The British Invasion by Barry Miles attempts to cover everything that was the British invasion of the 1960s. It wasn't just an influx of music--from TThe British Invasion by Barry Miles attempts to cover everything that was the British invasion of the 1960s. It wasn't just an influx of music--from The Beatles to the Dave Clark Five to the Kinks and the the Rolling Stones. British actors made their mark on Hollywood snagging Oscars and making Americans long for London. The Avengers invaded television to become a cult icon and hip and mod styles became the dream fashion of thousands of teenagers.
The book is filled with photographs that will bring back memories for those who lived through the period and will bring the era to life for those who came along too late to experience it first-hand. While Miles does make the effort to bring in music and pop culture beyond The Beatles, he still brings everything back to them. The focus is on the Fab Four and the many ways that their arrival in America in 1964 made everything else possible. An interesting look at the pop culture of the 1960s and especially of interest to Beatles and music fans. ★★★ and a half. (rounded up here)
Murder Past Due by Miranda James is a cozy cat mystery that isn't just "too much" as so many of them can be. Diesel is a Maine coon cat with a human naMurder Past Due by Miranda James is a cozy cat mystery that isn't just "too much" as so many of them can be. Diesel is a Maine coon cat with a human named Charlie Harris. Diesel doesn't solve mysteries--he's just a big, lovable cat whose most extraordinary habits is walking around town on a leash, warbling and chirping instead of meowing as other cats do. The mystery solver is Charlie--college librarian and first-time amateur sleuth. Since everyone in Athena, Mississippi knows Charlie, they are more apt to gossip with him than spill what they know to the law.
When former classmate, now bestselling novelist Godfrey Priest returns home for an honorary dinner and to donate his papers to his alma mater, he stirs up more trouble than good feelings and someone decides perform a killing review on the author and end his days on the bestseller list for good. There is no shortage of suspects--from Charlie's boss who lost his wife to Godfrey's womanizing ways to Godfrey's half-brother who could have used financial help in the worst way to a possible ghost writer to the bookshop owner who lost a great deal of business when the famous author cancelled a couple of book-signing to an old flame who wound up pregnant years ago and now it looks like Godfrey wants to steal her son's affection.
Charlie spends his time in the library's archives and it looks like he'll need to dig in the town's past history to find all the clues necessary to help the sheriff's office solve the mystery of the cancelled author.
This is a pleasant cozy mystery. There are a fair amount of clues and enough suspects to distract, although I did pick the culprit out. The plot was still enjoyable and it was interesting meeting the regulars for what looks to be a good series. It's nice to have a "cat mystery" where the the cat is just a cat. He doesn't find the clues; he doesn't point them out to his owner. But he is a lovely addition to the cast. Charlie is an interesting character, but I think I like Diesel even more.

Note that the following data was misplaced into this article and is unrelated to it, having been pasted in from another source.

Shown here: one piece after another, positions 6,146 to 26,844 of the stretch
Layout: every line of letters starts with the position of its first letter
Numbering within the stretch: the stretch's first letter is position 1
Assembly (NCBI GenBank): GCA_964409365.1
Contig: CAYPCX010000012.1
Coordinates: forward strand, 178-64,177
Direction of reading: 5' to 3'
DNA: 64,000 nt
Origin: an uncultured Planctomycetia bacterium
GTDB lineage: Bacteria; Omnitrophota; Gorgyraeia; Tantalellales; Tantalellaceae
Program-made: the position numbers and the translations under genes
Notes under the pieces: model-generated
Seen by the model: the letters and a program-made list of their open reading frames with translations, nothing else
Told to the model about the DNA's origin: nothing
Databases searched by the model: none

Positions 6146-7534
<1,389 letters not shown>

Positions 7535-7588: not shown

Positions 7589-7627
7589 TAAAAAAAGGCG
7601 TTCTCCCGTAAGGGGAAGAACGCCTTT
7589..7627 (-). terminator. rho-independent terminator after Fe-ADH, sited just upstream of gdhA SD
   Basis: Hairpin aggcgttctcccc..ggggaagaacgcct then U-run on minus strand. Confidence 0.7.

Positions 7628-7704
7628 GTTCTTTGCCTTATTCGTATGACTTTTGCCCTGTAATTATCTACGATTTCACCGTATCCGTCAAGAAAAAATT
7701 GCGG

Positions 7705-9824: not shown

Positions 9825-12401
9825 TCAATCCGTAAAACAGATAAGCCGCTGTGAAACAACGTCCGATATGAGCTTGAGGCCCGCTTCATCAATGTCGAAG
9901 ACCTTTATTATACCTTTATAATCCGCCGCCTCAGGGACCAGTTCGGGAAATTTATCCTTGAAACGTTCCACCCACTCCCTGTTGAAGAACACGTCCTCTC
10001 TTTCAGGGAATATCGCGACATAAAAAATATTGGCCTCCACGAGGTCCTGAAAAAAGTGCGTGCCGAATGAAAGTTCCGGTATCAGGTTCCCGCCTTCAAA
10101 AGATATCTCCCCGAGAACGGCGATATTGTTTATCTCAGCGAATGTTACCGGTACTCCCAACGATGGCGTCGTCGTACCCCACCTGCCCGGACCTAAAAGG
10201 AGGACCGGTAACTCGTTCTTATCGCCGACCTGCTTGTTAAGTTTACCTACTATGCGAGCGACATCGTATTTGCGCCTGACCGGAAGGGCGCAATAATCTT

The University of Notre Dame in South Bend, Indiana is gearing up for a highly anticipated football game. Baylor University, the country's preeminentThe University of Notre Dame in South Bend, Indiana is gearing up for a highly anticipated football game. Baylor University, the country's preeminent Protestant college, will meet the Catholic football powerhouse for the first time. Game day, most ironically, falls on Reformation Day--the day recognizing the historic moment when Martin Luther nailed his 95 Theses to the door of the Schlosskirche (castle church) in Wittenberg in 1517. Off the field, scholars prepare a theological conference featuring participants from the rival schools that will address Catholic and Protestant history. And a female pastor (who seems to be a bit of a loose cannon) plans to protest the game as some sort of statement about Protestantism's superiority over Catholicism. She hopes to stir up a religious fervor to eclipse the football fanaticism.
Sparks seem to be flying everywhere. Even the campus event coordinator is stirring up trouble--she seems to believe it her duty to throw as many obstacles in the path of conference directors as possible. When she is found strangled shortly before the big day, there seems to be no shortage of candidates for the role of murderer. Roger (a professor) and Philip (a private eye) Knight use their various skills to help search for the killer. But there are no definite clues until Notre Dame's famed, brilliant, and troubled quarterback mysteriously disappears and evidence links him to the crime. But did he do it....or does he just know who did?
The Lack of the Irish is a fairly solid mystery offering from the late Ralph McInerny. Very light, cozy feel with the academic setting and most of the mystery-solving provided by the professor half of the brothers Knight rather than the private eye. Interesting characters and a realistic motive for the culprit. Not really in the fair-play tradition...either that or I was asleep at the wheel when it came to noticing clues, but it was a fun, quick read and I do enjoy Professor Knight and his brother.